© 2004-2012 Horse Tack Review
What Vaccinations Should I Give My Horse?
Madalyn Ward, DVM
Before I can answer this question I must have information about you and your horse.
- How old is your horse?
- How healthy is your horse?
- What diseases are present in your area?
- Where and how is your horse stabled?
- What activities do you and your horse participate in?
- How fearful are you that your horse will get sick or die if you do not vaccinate?
- Are you willing to change your management, if necessary, to prevent disease and support your horse’s immune system?
After these questions are answered I can recommend a vaccination protocol, but it is important for the horse owner to be educated about common equine diseases in order to participate in the final decision.
I recommend vaccinating healthy horses for this disease as it can be fatal. Equine encephalitis comes in three forms; Eastern, Western and Venezuelan. All three are combined with tetanus toxoid in one vaccine. This is commonly referred to as a VEW-T or 4-way vaccine. Equine encephalitis is a viral disease transmitted to the horse by mosquitoes which pick up the virus from an intermediate hosts, such as birds, small rodents and reptiles. This means your horse does not get this infection from or give it other horses, so even a backyard horse that never travels is at risk. To my knowledge, no research has been done to determine length of immunity, but vaccine manufacturers suggest annual vaccination. Until further information is available, I would suggest initial vaccination at 5 and 6 months of age followed by a booster every 3 years. If an outbreak is occurring, the booster can be given sooner. I would not vaccinate any horse over 15 years of age unless there is an outbreak.
This disease can also cause death if it is not treated early and aggressively. Tetanus is caused by the bacteria, clostridium teteni, which generally infects the horse through contamination of a wound. Vaccine manufacturers recommend annual vaccination, but horses have been known to have protection for up to 10 years from their last vaccination. I would suggest the same schedule as encephalitis with a booster given if horse sustains an injury and has not been vaccinated within the last 1 year.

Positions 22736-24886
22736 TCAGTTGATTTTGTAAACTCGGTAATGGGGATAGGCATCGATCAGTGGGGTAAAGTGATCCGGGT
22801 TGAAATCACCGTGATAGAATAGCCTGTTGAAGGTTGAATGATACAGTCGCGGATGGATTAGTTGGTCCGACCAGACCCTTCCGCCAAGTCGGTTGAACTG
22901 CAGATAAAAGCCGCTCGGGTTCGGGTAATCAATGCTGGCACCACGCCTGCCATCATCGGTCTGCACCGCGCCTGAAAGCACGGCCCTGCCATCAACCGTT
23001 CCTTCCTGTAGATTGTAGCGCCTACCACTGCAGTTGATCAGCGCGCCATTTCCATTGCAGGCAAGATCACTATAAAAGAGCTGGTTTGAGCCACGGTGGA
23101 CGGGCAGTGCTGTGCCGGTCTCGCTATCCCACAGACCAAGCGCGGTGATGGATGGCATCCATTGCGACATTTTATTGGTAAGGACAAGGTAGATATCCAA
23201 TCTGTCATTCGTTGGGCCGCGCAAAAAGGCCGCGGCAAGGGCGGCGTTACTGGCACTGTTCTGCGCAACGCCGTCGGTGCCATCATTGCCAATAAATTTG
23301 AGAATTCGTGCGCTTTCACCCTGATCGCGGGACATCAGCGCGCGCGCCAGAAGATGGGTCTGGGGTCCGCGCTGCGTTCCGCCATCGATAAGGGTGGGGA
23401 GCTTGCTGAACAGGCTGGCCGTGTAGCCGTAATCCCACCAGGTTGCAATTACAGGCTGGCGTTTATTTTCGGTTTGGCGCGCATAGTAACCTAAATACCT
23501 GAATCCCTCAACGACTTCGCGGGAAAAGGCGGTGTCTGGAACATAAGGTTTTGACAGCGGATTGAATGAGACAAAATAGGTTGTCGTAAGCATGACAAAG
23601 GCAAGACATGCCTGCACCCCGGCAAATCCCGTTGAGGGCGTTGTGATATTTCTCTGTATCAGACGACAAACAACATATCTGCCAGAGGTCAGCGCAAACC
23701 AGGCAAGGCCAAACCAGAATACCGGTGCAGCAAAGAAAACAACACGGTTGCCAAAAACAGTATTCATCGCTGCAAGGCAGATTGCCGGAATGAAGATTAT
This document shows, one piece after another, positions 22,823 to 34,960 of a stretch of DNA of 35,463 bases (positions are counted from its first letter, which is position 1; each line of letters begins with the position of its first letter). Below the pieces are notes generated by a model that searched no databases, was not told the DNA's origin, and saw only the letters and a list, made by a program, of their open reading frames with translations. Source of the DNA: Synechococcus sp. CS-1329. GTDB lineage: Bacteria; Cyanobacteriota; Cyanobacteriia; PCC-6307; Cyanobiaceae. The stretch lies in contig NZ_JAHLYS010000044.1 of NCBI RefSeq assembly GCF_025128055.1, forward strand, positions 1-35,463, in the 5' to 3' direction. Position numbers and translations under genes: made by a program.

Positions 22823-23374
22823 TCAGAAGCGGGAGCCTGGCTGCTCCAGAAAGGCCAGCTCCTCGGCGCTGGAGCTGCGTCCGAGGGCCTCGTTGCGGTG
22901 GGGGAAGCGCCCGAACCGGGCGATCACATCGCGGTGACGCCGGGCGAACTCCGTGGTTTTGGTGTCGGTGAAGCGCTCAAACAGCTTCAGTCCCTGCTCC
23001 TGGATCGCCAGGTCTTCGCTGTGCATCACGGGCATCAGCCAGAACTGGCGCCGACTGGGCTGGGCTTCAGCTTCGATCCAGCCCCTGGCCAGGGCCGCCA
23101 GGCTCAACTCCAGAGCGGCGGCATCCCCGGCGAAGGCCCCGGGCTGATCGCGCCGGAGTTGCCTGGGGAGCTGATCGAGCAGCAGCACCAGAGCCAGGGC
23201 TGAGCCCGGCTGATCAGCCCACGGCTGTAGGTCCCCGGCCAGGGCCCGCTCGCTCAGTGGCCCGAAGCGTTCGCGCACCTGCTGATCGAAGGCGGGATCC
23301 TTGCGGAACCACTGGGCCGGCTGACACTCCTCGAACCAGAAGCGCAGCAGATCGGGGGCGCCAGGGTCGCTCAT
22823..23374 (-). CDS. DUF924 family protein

This is not a vaccine, but an antitoxin against the tetanus neurotoxin. It should be given along with tetanus toxoid to an injured horse with unknown vaccination history. Tetanus prophalaxis should also be considered for such situations as foaling and surgery.
Horses can get rabies and it is fatal. To my knowledge there are no documented cases of a horse transmitting rabies to a person. To contract rabies, the horse must be bitten by a rabid animal. Wild animals such as skunks, fox, raccoons or bats are the usual sources of infection. Vaccine manufacturers recommend annual vaccination for horses, although the same vaccine is known to provide protection to dogs and cats for at least three years. There have been cases of rabies in vaccinated horses. I do not routinely advise vaccinating for this disease, but if you are concerned and choose to vaccinate, the manufacturer’s directions should be followed.
This is a respiratory disease caused by a virus. Symptoms include coughing, fever, loss of appetite and muscle soreness. It is rarely fatal. Uncomplicated cases recover in 1 to 3 weeks. It is acquired from other infected horses. The best treatment is rest and TLC. Immunity from vaccination is of very short duration, often less than 2 months. It is my opinion that vaccination causes more harm than good, and horses will become less susceptible as they mature. A healthy immune system is the best defense. In a study with racehorses, there was no difference in infection rates in vaccinated verses unvaccinated controls when the horses continued to work. In the same study, vaccinated horses that were taken out of hard training during the outbreak had lower infection rates. Unfortunately, this study did not include unvaccinated horses that were rested. I suspect they would have done just as well.